The City, in partnership with the Park Board and supported by staff and volunteers, continues to provide additional warm and welcoming space for anyone who needs to get out of the cold as this unusually cold and snowy winter weather continues. Five community locations will remain open overnight as warming centres for the foreseeable future including: West End, Creekside, Britannia, and Sunset community centres, as well as The Hall at 1739 Venables. All locations open at 9 p.m.

To date, there have been close to 1,800 visits to these temporary warming centres. Community centres and other public buildings are also available during their open hours as spaces to warm up.


City of Vancouver                                                 
Corporate Communications                                           


03 January 2017


Ice and snow conditions persist with more on the way. Here is what the Park Board is doing to ensure public safety:

  • We have closed the seawall from Lions Gate to Siwash Rock because of extremely icy and unsafe conditions.  Signage and barriers are up.   

  • Our seawall priority today is salting and sanding heavily used shady sections of seawall between Second and Third Beach.  
  • Warning signage in effect on all open sections of seawall. 
  •  Public advised to be very careful and use ice grips on footwear if possible. 
  • Please use extra caution in walking and avoid cycling through parks as we work on clearing paved sections.
  • Our maintenance priorities are Community Centre parking lots and pathways, especially areas used by seniors.  We are salting and brining these areas every day.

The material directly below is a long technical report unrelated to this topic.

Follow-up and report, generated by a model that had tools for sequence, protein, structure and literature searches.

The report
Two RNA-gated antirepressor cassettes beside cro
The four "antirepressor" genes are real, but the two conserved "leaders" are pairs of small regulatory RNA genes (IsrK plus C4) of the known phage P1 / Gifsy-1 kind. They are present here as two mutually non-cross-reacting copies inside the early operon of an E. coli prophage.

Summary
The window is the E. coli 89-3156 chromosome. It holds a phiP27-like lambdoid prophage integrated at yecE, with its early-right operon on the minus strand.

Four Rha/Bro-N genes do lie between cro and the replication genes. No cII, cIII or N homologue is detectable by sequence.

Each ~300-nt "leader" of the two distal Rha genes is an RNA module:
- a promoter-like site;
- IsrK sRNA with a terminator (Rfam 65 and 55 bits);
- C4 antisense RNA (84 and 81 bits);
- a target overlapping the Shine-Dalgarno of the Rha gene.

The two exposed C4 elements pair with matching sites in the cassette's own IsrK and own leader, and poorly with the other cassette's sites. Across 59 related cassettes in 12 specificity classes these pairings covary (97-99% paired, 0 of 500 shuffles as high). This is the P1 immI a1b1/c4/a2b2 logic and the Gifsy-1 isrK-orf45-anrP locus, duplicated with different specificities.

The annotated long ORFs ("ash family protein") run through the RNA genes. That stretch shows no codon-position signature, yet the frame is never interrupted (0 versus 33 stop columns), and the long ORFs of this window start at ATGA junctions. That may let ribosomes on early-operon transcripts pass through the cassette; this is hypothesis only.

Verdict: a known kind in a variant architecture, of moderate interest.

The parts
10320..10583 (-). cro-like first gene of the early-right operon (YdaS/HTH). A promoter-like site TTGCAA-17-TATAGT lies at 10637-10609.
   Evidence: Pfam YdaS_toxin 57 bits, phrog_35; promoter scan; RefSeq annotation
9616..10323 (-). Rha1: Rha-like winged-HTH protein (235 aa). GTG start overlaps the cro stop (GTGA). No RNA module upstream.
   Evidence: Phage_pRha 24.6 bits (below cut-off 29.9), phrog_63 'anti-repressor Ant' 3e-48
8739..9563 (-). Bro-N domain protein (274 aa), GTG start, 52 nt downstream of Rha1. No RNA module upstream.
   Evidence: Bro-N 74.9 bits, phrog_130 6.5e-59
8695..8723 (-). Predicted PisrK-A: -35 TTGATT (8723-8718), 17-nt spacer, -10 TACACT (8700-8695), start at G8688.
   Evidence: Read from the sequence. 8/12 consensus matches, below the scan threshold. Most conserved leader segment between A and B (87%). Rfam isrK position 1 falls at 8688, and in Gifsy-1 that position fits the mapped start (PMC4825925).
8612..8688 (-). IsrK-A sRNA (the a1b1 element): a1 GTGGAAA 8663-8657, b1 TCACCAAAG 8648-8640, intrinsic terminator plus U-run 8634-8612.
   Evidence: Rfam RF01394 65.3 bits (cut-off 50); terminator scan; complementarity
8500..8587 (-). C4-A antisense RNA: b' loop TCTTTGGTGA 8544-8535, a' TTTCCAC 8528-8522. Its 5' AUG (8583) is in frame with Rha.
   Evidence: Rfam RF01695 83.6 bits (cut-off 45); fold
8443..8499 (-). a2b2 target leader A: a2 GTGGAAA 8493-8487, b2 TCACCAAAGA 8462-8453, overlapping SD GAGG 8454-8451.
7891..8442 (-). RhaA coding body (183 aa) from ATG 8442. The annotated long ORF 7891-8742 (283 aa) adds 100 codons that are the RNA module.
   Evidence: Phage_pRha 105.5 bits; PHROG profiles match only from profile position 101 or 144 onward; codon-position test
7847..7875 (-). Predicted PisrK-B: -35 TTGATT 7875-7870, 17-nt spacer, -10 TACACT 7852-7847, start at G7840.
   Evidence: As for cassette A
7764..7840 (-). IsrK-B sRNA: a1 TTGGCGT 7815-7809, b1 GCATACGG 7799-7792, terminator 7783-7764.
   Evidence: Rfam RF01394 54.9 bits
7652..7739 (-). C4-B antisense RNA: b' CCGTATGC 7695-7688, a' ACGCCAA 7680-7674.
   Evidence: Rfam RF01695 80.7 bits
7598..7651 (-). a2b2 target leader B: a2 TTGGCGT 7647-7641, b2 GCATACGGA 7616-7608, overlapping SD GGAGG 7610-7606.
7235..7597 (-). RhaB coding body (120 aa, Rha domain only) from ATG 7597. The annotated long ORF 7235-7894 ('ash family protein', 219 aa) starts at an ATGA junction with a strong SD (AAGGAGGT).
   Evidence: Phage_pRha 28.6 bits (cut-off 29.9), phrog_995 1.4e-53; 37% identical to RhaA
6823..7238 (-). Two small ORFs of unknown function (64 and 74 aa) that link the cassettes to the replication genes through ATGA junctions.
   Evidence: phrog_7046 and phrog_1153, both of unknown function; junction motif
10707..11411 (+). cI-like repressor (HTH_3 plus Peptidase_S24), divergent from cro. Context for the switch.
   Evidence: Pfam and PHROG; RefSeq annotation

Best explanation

• Roads and paths in our heavily used destination parks like Stanley and Bloedel are also high priority for our crews.
  • We are bringing crews in from golf, train and other operations to assist park staff in clearing paths

15 December 2016

Keep Safe on the Roads this Winter

 10 Tips for Safe Winter Driving from The Cooperators  
(while these good folks are my insurers--this is in no way meant to be an endorsement or a solicitation for business)

If you’ve driven in even one Canadian winter, you know that it takes patience, practice and mindfulness to stay safe on slick roads.

Your safety is important to us. Keep these safe winter driving techniques top of mind – and share them with your family and friends.

1. Invest in winter tires.

Winter tires are worth the investment. Put them on before it snows, and before the temperature drops below 7°C. Also, ensure tires are inflated properly; cold weather can decrease tire pressure.

2. Plan ahead.

Plan for five extra minutes pre-trip to check road conditions and remove all snow and ice from your vehicle.

3. Slow down.

It’s common sense that’s often overlooked: adjust your speed according to road conditions.

4. Stock up on windshield washer fluid.

When you need it most – 50 km from home in a white-out blizzard – you'll be glad to have an extra jug.

5. Leave the lights on.

To increase visibility, keep your headlights on, even during the day. Not sure if you need them? Err on the side of caution.

6. Step lightly.

Maintain steady pressure on the gas pedal and brake gently to avoid slipping and sliding.

7. Exercise patience.

When you're running 10 minutes late and find yourself stuck behind a snowplow or salt truck, take a deep breath and do not pass.

8. Look twice before reversing.

Be aware of snow banks when backing up; not only could you hit one, but they make it hard to see oncoming traffic or pedestrians.

9. Avoid using cruise control.